The surrender charge schedule for the 10-year version of the policy form will be as follows:
The surrender charge is waived on the first 10% of the Annuity Value as of the beginning of each year in each policy year after the first. Minimum Guaranteed Surrender Value—The Minimum Guaranteed Surrender Value for the policy equals: a) the single premium paid by the owner (adjusted for premium taxes) multiplied by the Net Consideration Percentage; plus b) any Excess Interest Credits; less c) any amounts surrendered (not including any applicable surrender charge); less d) any rider charges, e) all accumulated at the minimum guaranteed interest rate. The Net Consideration Percentage will be 90%. The minimum guaranteed interest rate will be set at issue. It will at least be equal to: the monthly average five-year Constant Maturity Treasury Rate as published by the Board of Governors of the Federal Reserve Board for the second full calendar month preceding the issue date, rounded to the nearest 0.05%, and reduced by 1.25%. For minimum guaranteed cash values linked to equity indexed crediting method account values, the minimum guaranteed interest rate will be reduced by a further R % to reflect equity participation (where R is between 0% and 1%) provided, however, that such resulting rate will be no greater than 3% nor less than 1%. Indexed Interest Example—Assume the client takes no withdrawals prior to the end of the policy year. Assume the following: The single premium is $10,000. The Premium Enhancement Amount is $0. The entire premium is allocated to the S&P 500 Index One-Year Crediting Method. No withdrawals are taken during the first policy year. The Participation Rate is 100%. The Cap Rate is 6.5%. The Floor Rate is 0%. The S&P 500 Index is 1,000 at issue. The S&P 500 Index is 1,100 at the first policy anniversary. Then the Equity Index Percentage Change is (1,100−1,000)/1,000, or 10%. Since this is greater than the cap of 6.5%, the interest credit is equal to $10,000×6.5%, which equals $650. This amount is added to the Account Value, which is then $10,650. The Death Benefit payable upon receipt of due Proof of Death will be the greater of the Minimum Guaranteed Surrender Value and the Annuity Value. Indexed interest is credited on any equity-indexed crediting methods by treating the date of death as the end of the equity-indexing year. Valuation of the annuity during the deferral phase is in accordance with the Commissioners Annuity Reserve Valuation Method (CARVM) under the Standard Valuation Law (SVL), as interpreted and clarified by Actuarial Guideline 33 (Determining CARVM Reserves for Annuity Contracts with Elective Benefits) and Actuarial Guideline 35 (The Application of the Commissioners Annuity Reserve Method to Equity Indexed Annuities). The company will value the annuity on an issue-year basis. The computational method used will be the Commissioners Annuity Reserve Method with Updated Market Values (CARVM-UMV). The plan, together with its riders, is a Type C annuity as defined in the SVL. There is no market-value adjustment (MVA) to withdrawn values, i.e. funds can be withdrawn in installments over less than five years without adjustment to reflect changes in interest rates or asset values since receipt of the funds by the insurance company. No guarantee is extended for credited interest rates on annuity considerations received more than one year from the date of issue, since the plan is a single-premium contract. In order to apply Actuarial Guideline 33, each of the benefits offered by the policy must be classified as elective or non-elective for purposes of development of integrated benefit streams. Briefly, the benefits can be classified as: Elective: The elective benefits offered by the policy are surrender, annuitization, and the LIR benefit. Non-elective: The non-elective benefits offered by the policy are the policy death benefit, the EEB, and the Surrender Charge Waiver. Since they are non-elective it is appropriate to use incidence rates for these benefits in the development of integrated benefit streams. As described in Parts 3 & 4 of the text of Actuarial Guideline 33, valuation interest rates are determined using contract-level and benefit-level parameters, and generally will vary depending on whether benefits are elective or non-elective. Surrender and withdrawal benefits provided by the plan and its riders are elective benefits and are valued using the Type C valuation interest rate. The Declared Rate, Participation Rate, Floor, and Cap for the annuity are declared annually, and so a guaranteed duration of one year is used. Death benefits under the plan and its riders, being non-elective benefits, are discounted using the Type A valuation rate with a guarantee duration of one year as prescribed by Section 4(C) of the text of Actuarial Guideline 33. Similarly, the benefit provided by the Surrender Charge Waiver is also a non-elective benefit and it is also valued using the Type A valuation interest rate with a guarantee duration of one year. Annuitization benefits are available for life (optionally with a guarantee period of ten or twenty years) or as installments over five years or more. They are valued using the Type A valuation rate with a guarantee duration equal to the number of years after issue that annuitization is assumed to occur, as prescribed in Section 4(B) of the text of Actuarial Guideline 33. Actuarial Guideline 35 prescribes four computational methods for equity-indexed annuities that may be considered to be acceptable interpretations of CARVM. These are the Enhanced Discounted Intrinsic Method (EDIM), the Commissioners Annuity Reserve Valuation Method with Updated Market Values method (CARVM-UMV), the Market Value Reserve Method (MVRM), and the Black-Scholes Projection Method (BSPM), a variant of the MVRM. According to Actuarial Guideline 35 The benefits provided by the Enhanced Earnings Benefit Rider (EEB) and Lifetime Income Rider (LIR) are not concentrated at a single duration. The benefits provided by the LIR depend on the date at which income commences: this date is selected by the owner after issue and is not known to the Company in advance. Additionally, a policy may be issued with both EEB and LIR. In this case the relative magnitudes of the benefits under EEB (which becomes more valuable if mortality increases) and LIR (which becomes more valuable if mortality decreases) are not known at issue. Therefore, depending on the riders that have been chosen, it may be the case that this form does not meet the Guideline's requirements for the use of EDIM, MVRM, and BSPM. Accordingly, the valuation will be performed using the CARVM-UMV computational method, as being uniformly applicable to all cases. As outlined in Actuarial Guideline 35's The Guideline requires that these option market values be accumulated at the valuation interest rate to the option expiry date and added to the guaranteed floor benefits. The option market values for the different benefit streams will in general be accumulated at different rates, because Actuarial Guideline 33 requires the application of different valuation interest rates for elective and non-elective benefits, and different valuation interest rates for surrenders and annuitizations. Guaranteed minimum floor benefits and option values are therefore developed for each of the following benefit streams: Death benefits (including benefits under the EEB rider, if this rider has been added); Annuitization benefits; Surrender charge waiver benefits; Surrender and partial withdrawal benefits; and, LIR (guaranteed lifetime income) benefits. Once these guaranteed minimum floor benefits and option values have been computed, the option market values can be accumulated at the applicable valuation interest rates to the option expiry dates and added to the guaranteed floor benefits. A CARVM valuation of the resulting total benefit streams is then performed. The determination of guaranteed floor benefits for the policy is straightforward if no riders are attached. Minimum policy values (and hence guaranteed floor benefits) can be calculated by assuming that 100% of premium is allocated to the equity-indexed crediting methods and that there is no growth in the S&P 500 Index, i.e., by assuming a scenario in which the year-on-year growth in the index is zero or negative. In this no-growth case, the Annuity Value stays constant until the deferral period ends (by death, surrender, or annuitization), and the Minimum Guaranteed Surrender Value grows at the minimum guaranteed interest rate until the deferral period ends. Adding the EEB rider and the LIR makes determination of guaranteed floor benefits more complex. The policy form provides that EEB and LIR premiums will only be deducted from the Annuity Value (and reflected in the Minimum Guaranteed Surrender Value calculation) to the extent that there is sufficient indexed interest to pay for them. In other words, the form provides that rider premiums will never force the Annuity Value below its initial level in the absence of other withdrawals. Any excess rider premiums are carried forward and deducted to the extent possible when either a) the policy is surrendered or b) additional indexed interest is credited. We refer to this as “rider charge carryforward”. This treatment of rider premiums implies that the no-growth scenario may not generate the minimum possible policy values. They may actually be lower in a “low growth” scenario, in which the indexed interest is just sufficient to pay for rider charges each year, or in a “sporadic growth” scenario, where the index stays constant for 10 years and then jumps by 10%. This result occurs because in the no-growth scenario, rider premiums are never deducted from the Minimum Guaranteed Surrender Value. In contrast, in the sporadic growth scenario, there is eventually enough growth in the Annuity Value to allow rider premiums to be deducted, and the corresponding minimum guarantee calculation drives the Minimum Guaranteed Surrender Value lower than it would have been in the no-growth case. Calculation of market values for benefit options is straightforward in the case where the base policy is stand-alone, but becomes more complex when the EEB rider and the LIR are added. There are two main reasons for this: First, the income for the LIR is based on the highest anniversary Account Value since income commencement. This benefit resembles a “discrete lookback” or “highwater mark” option, for which there are no useful closed-form solutions: a numerical approximation method must be used instead. Secondly, the Rider charge carryforward complicates the determination of the guaranteed floor benefits, as described above. Since the benefit options in CARVM-UMV are by definition any excesses over the guaranteed floor benefits, rider charge carryforward naturally also complicates the determination of the benefit option values. Monte Carlo simulation often provides the simplest approach to option valuation in the absence of closed-form solutions, and that turns out to be true here. We generate stochastic stock index scenarios from a risk-neutral distribution and use them to drive simulated policy value calculations. Using a Monte Carlo approach makes it relatively simple to incorporate rider charge carryforward into the guaranteed floor benefit calculation. “No growth” and “low growth” scenarios are generated in addition to the stochastic stock index scenarios (we refer to the entire set of scenarios as the “augmented scenarios”), and the guaranteed floor benefits are determined as the minimum benefits over the augmented scenarios. The benefit option payoffs are then the average of the excesses of the stochastic scenario benefits over the guaranteed floor benefits. These option payoffs, discounted to the valuation date using the risk-neutral interest rate, provide the option market values required by CARVM-UMV. The option market values are accumulated to the option expiry dates at the appropriate valuation interest rates and added to the guaranteed floor benefits to yield the total benefits required for a CARVM valuation. Assumptions for CARVM-UMV Valuation Examples—Mortality in the examples is assumed to follow the a2000 table. Incidence rates for valuation of the disability benefit are taken from Exhibit 2 of the Incidence rates for valuation of the nursing home benefit are taken from Table D-3 of the Type A and Type C valuation interest rates for the example are calculated using the formula in the Section 4(B) of the Standard Valuation Law and the weighting factors specified, assuming a reference interest rate R of 5.5%. The resulting valuation rates are:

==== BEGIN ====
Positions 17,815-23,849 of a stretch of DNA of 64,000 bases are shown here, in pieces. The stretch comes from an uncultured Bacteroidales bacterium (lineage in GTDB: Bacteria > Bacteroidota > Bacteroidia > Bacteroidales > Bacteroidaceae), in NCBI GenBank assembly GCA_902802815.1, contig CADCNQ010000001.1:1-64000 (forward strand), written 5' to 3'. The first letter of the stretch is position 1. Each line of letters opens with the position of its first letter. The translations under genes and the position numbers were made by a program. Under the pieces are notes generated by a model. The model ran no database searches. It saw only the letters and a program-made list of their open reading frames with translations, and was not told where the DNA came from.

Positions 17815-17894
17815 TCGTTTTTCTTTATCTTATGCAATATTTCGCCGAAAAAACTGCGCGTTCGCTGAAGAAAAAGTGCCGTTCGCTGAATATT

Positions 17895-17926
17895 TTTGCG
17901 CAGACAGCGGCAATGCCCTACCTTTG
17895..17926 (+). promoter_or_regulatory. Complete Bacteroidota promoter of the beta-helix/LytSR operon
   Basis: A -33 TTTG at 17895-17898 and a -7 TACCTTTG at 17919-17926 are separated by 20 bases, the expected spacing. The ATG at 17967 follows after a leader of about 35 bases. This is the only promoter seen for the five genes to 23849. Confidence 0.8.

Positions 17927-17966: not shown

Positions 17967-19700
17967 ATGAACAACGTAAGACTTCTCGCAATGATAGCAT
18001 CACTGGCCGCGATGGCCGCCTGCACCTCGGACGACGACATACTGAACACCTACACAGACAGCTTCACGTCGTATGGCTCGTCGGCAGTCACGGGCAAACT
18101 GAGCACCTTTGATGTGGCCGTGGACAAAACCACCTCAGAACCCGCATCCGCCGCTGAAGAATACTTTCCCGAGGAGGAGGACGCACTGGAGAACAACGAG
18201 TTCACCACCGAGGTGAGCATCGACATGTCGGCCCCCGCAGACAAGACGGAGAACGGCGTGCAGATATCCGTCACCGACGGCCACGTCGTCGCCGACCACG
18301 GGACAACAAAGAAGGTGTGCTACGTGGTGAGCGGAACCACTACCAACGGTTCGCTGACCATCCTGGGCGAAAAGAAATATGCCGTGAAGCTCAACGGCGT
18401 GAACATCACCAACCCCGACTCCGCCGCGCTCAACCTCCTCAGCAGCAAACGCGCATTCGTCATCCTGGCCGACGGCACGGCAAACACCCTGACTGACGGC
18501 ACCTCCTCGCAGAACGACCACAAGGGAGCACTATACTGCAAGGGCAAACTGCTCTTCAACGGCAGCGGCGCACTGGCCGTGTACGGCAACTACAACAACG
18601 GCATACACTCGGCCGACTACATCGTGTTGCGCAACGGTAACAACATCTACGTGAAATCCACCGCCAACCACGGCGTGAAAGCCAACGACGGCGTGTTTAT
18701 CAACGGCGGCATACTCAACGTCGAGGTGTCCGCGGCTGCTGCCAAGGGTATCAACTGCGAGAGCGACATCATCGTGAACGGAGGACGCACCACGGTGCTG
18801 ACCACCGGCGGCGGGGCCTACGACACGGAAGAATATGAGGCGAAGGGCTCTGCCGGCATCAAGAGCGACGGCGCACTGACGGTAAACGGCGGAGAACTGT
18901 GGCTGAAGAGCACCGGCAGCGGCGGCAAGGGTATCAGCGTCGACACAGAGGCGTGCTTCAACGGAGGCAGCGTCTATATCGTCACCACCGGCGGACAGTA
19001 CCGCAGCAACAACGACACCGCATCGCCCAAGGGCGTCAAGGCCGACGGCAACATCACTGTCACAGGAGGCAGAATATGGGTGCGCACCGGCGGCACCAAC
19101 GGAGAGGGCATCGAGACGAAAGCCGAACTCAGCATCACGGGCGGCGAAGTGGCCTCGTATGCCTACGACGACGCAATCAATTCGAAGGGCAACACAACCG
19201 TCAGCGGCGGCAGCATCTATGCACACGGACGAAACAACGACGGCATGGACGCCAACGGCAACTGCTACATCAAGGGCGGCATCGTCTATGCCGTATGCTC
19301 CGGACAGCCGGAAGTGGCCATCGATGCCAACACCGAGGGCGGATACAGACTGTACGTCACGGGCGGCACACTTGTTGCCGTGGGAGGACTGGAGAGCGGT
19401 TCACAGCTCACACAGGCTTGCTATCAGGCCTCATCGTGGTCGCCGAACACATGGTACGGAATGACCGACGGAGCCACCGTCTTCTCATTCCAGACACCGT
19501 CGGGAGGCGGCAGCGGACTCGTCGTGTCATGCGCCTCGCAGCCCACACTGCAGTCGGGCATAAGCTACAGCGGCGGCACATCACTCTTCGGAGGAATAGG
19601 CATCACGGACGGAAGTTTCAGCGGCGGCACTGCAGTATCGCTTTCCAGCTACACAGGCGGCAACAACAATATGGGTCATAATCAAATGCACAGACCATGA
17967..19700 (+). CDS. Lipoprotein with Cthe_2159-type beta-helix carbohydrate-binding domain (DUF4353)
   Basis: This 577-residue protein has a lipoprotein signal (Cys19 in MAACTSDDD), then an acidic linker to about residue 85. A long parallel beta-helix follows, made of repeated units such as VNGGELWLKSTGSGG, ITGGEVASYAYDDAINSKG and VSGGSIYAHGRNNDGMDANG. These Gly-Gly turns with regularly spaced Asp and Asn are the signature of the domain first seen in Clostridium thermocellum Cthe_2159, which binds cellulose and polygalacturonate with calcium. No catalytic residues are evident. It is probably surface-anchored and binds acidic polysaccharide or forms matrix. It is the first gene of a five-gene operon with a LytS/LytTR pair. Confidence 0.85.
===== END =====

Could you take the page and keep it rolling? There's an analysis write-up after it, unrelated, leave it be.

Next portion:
The actual valuation rates used will depend on the actual value of the reference interest rate R for each year of issue. Point-to-point equity-indexed crediting was assumed for the examples, with a participation rate of 100%, a floor of 0%, and a cap varying by policy year. The assumed cap was 6.5% in the first policy year, 4% in policy years 2-7, and 2% thereafter. The assumed guaranteed interest rate for calculation of the Minimum Guaranteed Surrender Value in the examples is 1.85%. The actual guaranteed interest rates for policies will vary according to the actual value of the monthly average five-year Constant Maturity Treasury Rate, as specified supra regarding Policy Values, i.e., Annuity Value, Minimum Guaranteed Surrender Value, and Surrender Value. The stochastic stock index scenarios were generated using a lognormal distribution (Black-Scholes assumptions) with an assumed risk-free interest rate of 5% continuously compounded and a dividend yield of 2%. The number of stock index scenarios generated was 100,000. CARVM-UMV Valuation Examples—The surrender charge waiver benefit is contained in the base contract and so this benefit is included in each example. Therefore, the examples cover the base contract with or without the (independently selectable) Return of Premium, Enhanced Earnings Benefit, and Lifetime Income Rider (with three assumed income start dates for the LIR). This gives us sixteen examples in total for a given free partial withdrawal schedule. Because free partial withdrawals affect both base policy benefits and rider benefits, we show reserve values assuming full utilization of free partial withdrawals and showing no utilization—the higher of the two is the CARVM reserve that would actually be held. All example calculations assume a seven-year surrender charge scale—calculations for the ten-year surrender charge scale are analogous. Similarly, the examples all assume crediting based on the point-to-point crediting method—calculations for the point-to-average crediting method are analogous. The calculations all show the derivation of the reserve at issue for a $10,000 policy issued to a male aged 55. The column headings in the examples shown in lirval1.txt have the following meanings: t—the number of years since the issue date; mindb—the minimum death benefit realized over the augmented scenarios; dbproj—the market value of the death benefit option at the valuation date, projected forward at the valuation interest rate; minfpw—the minimum free partial withdrawal benefit realized over the augmented scenarios; fpwproj—the market value of the free partial withdrawal benefit option at the valuation date, projected forward at the valuation interest rate; minns—the minimum net surrender benefit (cash value less any outstanding rider premiums) realized over the augmented scenarios; nsproj—the market value of the net surrender benefit option at the valuation date, projected forward at the valuation interest rate; mindiss—the minimum disability/nursing home benefit realized over the augmented scenarios; dissproj—the market value of the disability/nursing home benefit option at the valuation date, projected forward at the valuation interest rate; minann—the minimum annuitization benefit realized over the augmented scenarios, assuming annuitization to a ten-year certain period annuity; annproj—the market value of annuitization benefit option at the valuation date, projected forward at the valuation interest rate; tpx—the proportion of initial lives still in force per unit issued; tlqx—the mortality decrement per unit issued; tldx—the disability and nursing home decrement per unit issued; vta—the discount factor for the Type A valuation interest rate for each guarantee duration; pvdb—the present value of death benefits through time t at the Type A valuation rate; pvdiss—the present value of disability/nursing home benefits through time t at the Type A valuation rate; vtc—the discount factor at time t of the Type C valuation interest rate a guarantee duration of one year; pvfpw—the present value of the free partial withdrawal benefit using the Type C valuation interest rate; pv(s,an)—the maximum of i) the present value of the annuitization benefit using the Type A valuation interest rate and ii) the present value of the net surrender benefit using the Type C valuation interest rate; and, sumpv—the sum of the present values of the benefits for each duration. As can be seen from the examples, the reserve at issue reduces to the cash value of the policy (in the absence of the ROP benefit) or to the premium (with ROP). The minimum annuity payments under the contract are based on the a2000 Individual Annuity Valuation Tables, sex-distinct, with interest at 1.5% per year, which are Basis of Settlement Option Factors. The attained age at annuitization will be adjusted downward by one year for each full five year period that has elapsed since Jan. 1, 2000. The valuation of annuity payments for policies that have annuitized will use the valuation mortality table applicable for the calendar year of contract issue and the appropriate SPIA valuation interest rate applicable for the calendar year of annuitization. Method of Operation of the Valuation Program. Type testcases and hit enter. Results of CARVM-UMV reserve calculation appear in APL session. In a preferred embodiment, the method of the invention is implemented by a specially programmed general purpose computer. The steps of the method are implemented by an arithmetic logic unit of the computer with data stored in short term (RAM) and long term memory. In the apparatus claims the functional language is intended to comprise the arithmetic logic unit of the computer together with memory. As indicated above, the present invention can be embodied in the form of an apparatus with means for the implementing the method, computer-implemented processes and apparatuses for practicing those processes. The present invention can also be embodied in the form of computer program code embodied in tangible media, such as floppy diskettes, CD-ROMs, DVDs, hard drives, or any other computer-readable storage medium, wherein, when the computer program code is loaded into and executed by a computer, the computer becomes an apparatus for practicing the invention. The present invention can also be embodied in the form of computer program code, for example, whether stored in a storage medium, loaded into and/or executed by a computer, or transmitted as a propagated computer data or other signal over some transmission or propagation medium, such as over electrical wiring or cabling, through fiber optics, or via electromagnetic radiation, or otherwise embodied in a carrier wave, wherein, when the computer program code is loaded into and executed by a computer, the computer becomes an apparatus for practicing the invention. When implemented on a future general-purpose microprocessor sufficient to carry out the present invention, the computer program code segments configure the microprocessor to create specific logic circuits to carry out the desired process. Thus it is seen that the objects of the invention are efficiently obtained, although modifications and changes to the invention should be readily obvious to those having ordinary skill in the art, and these modifications are intended to be within the scope of the claims. Patent Citations